Archive for Erich Von Stroheim

Madame Ora Was Right

Posted in FILM with tags , , , on November 5, 2019 by dcairns

Erich Von Stroheim’s introduction to THE MERRY WIDOW is the gift that keeps on giving ~

ERICH VON STROHEIM: Mae Murray, who always played under the direction of her husband, a very great man, very great, six-feet-three, and a very gentle man. I could make a comparison between a Saint Bernard dog… [laughter] …She herself, if I may say so, was very active, very agile, too active… [laughter] So this grand man and this little woman, you know very well who won the battle… [laughter] It was always Mae Murray, it was always she who won, and the big Saint Bernard did exactly as she told him to do.

But it was very different with me, since I was not married to this woman… [laughter]

No, she was very gentle, but she had ideas… [laughter] …And, as I said before, I have ideas myself. So these two ideas… [laughter] …clashed.

One time we had a terrible battle, during the embassy ball scene, and it was terrible because I had 350 extras in it who loved me very much… it was always the workers who liked me, not the producers — the workers… do you see the difference? … [laughter and applause] So this woman thought… it was after World War I… and she called me “dirty Hun”… naturally, I did not like it, since I was born in Austria, in Vienna, and since she was born in Vienna, too… [laughter] …As a matter of fact, she was born in Czechoslovakia, but, then, I did not see much difference… [laughter] …and, since my workers, the extras, understood that this meant the end, they took off their uniforms and threw them on the floor…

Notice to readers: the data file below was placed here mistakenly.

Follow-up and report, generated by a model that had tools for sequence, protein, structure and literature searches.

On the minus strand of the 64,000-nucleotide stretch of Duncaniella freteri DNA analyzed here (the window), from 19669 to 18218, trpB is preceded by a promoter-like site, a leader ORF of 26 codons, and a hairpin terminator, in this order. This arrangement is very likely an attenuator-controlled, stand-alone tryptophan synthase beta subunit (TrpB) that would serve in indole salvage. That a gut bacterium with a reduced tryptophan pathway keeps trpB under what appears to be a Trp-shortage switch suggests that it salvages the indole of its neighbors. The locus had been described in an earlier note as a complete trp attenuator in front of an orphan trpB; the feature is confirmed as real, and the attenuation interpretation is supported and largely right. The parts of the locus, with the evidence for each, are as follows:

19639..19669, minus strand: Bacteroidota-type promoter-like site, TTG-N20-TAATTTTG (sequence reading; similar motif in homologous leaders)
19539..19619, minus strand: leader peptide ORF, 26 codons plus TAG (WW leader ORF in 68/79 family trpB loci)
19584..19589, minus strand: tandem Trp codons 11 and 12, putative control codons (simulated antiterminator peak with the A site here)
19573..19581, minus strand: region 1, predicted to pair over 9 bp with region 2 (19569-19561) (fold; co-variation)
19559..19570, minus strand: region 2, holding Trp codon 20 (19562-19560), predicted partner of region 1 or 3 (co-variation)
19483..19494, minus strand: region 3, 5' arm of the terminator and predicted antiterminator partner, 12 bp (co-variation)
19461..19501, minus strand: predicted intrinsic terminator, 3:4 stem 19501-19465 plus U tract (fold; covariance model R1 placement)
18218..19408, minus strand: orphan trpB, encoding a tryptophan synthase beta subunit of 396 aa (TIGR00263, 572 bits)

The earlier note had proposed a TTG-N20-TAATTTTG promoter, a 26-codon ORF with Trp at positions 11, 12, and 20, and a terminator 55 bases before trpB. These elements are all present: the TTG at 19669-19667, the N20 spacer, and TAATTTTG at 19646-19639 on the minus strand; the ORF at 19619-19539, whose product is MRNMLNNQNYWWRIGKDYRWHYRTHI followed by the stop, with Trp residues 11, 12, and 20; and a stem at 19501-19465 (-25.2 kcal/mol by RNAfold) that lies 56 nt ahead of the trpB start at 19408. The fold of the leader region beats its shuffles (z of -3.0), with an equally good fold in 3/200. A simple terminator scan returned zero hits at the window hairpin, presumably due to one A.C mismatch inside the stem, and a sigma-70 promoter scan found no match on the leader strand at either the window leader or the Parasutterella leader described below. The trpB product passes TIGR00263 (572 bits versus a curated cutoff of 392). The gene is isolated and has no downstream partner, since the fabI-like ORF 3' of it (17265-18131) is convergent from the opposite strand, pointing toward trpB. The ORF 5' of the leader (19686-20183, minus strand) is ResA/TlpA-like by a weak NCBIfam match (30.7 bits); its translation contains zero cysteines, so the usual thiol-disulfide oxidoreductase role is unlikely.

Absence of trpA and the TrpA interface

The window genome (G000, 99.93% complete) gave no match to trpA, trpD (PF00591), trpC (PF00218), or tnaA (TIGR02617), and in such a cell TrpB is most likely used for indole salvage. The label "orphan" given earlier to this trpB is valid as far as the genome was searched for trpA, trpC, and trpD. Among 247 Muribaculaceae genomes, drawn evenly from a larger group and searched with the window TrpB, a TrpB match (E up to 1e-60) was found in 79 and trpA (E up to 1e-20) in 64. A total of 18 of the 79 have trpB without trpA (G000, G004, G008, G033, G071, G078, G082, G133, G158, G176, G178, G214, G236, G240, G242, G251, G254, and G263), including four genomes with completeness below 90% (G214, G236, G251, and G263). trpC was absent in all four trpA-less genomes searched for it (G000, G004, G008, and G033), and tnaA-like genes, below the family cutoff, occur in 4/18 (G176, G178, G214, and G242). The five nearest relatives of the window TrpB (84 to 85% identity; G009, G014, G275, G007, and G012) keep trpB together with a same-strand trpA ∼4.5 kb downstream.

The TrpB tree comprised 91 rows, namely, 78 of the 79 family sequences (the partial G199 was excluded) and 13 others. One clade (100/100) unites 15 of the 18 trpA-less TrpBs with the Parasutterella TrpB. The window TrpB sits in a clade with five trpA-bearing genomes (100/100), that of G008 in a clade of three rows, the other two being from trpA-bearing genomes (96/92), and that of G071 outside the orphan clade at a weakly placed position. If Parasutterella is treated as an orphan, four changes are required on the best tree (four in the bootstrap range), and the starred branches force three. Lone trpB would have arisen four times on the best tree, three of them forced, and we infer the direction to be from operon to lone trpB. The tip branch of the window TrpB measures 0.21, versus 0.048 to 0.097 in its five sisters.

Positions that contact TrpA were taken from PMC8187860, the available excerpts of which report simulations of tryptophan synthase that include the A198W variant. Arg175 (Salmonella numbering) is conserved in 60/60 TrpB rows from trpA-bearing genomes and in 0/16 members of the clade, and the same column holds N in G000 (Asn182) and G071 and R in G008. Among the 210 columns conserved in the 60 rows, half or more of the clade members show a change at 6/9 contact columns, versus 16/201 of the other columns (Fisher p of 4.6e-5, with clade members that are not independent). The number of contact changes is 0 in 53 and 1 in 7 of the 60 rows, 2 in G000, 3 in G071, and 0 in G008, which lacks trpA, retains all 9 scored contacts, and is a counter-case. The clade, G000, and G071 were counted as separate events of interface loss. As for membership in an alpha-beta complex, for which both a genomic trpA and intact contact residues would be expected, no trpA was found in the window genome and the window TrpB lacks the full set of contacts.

ERICH VON STOHEIM: I want to tell you a very, very strange story … You will permit me to sit down. [He sits on the podium.] Thank you. Because this is a very strange story… [Laughter]

…I am very superstitious, also religious, and in many cases that goes together, as you know. I had troubles with Mae Murray, as I said before, and, also, troubles with electricity, lamps, with the helpers, with everybody. And it was strange, because it had never happened that way before. So, after the duel with Mae Murray, I was discharged by the company, but really… [laughter] …But I almost forgot to tell you my story.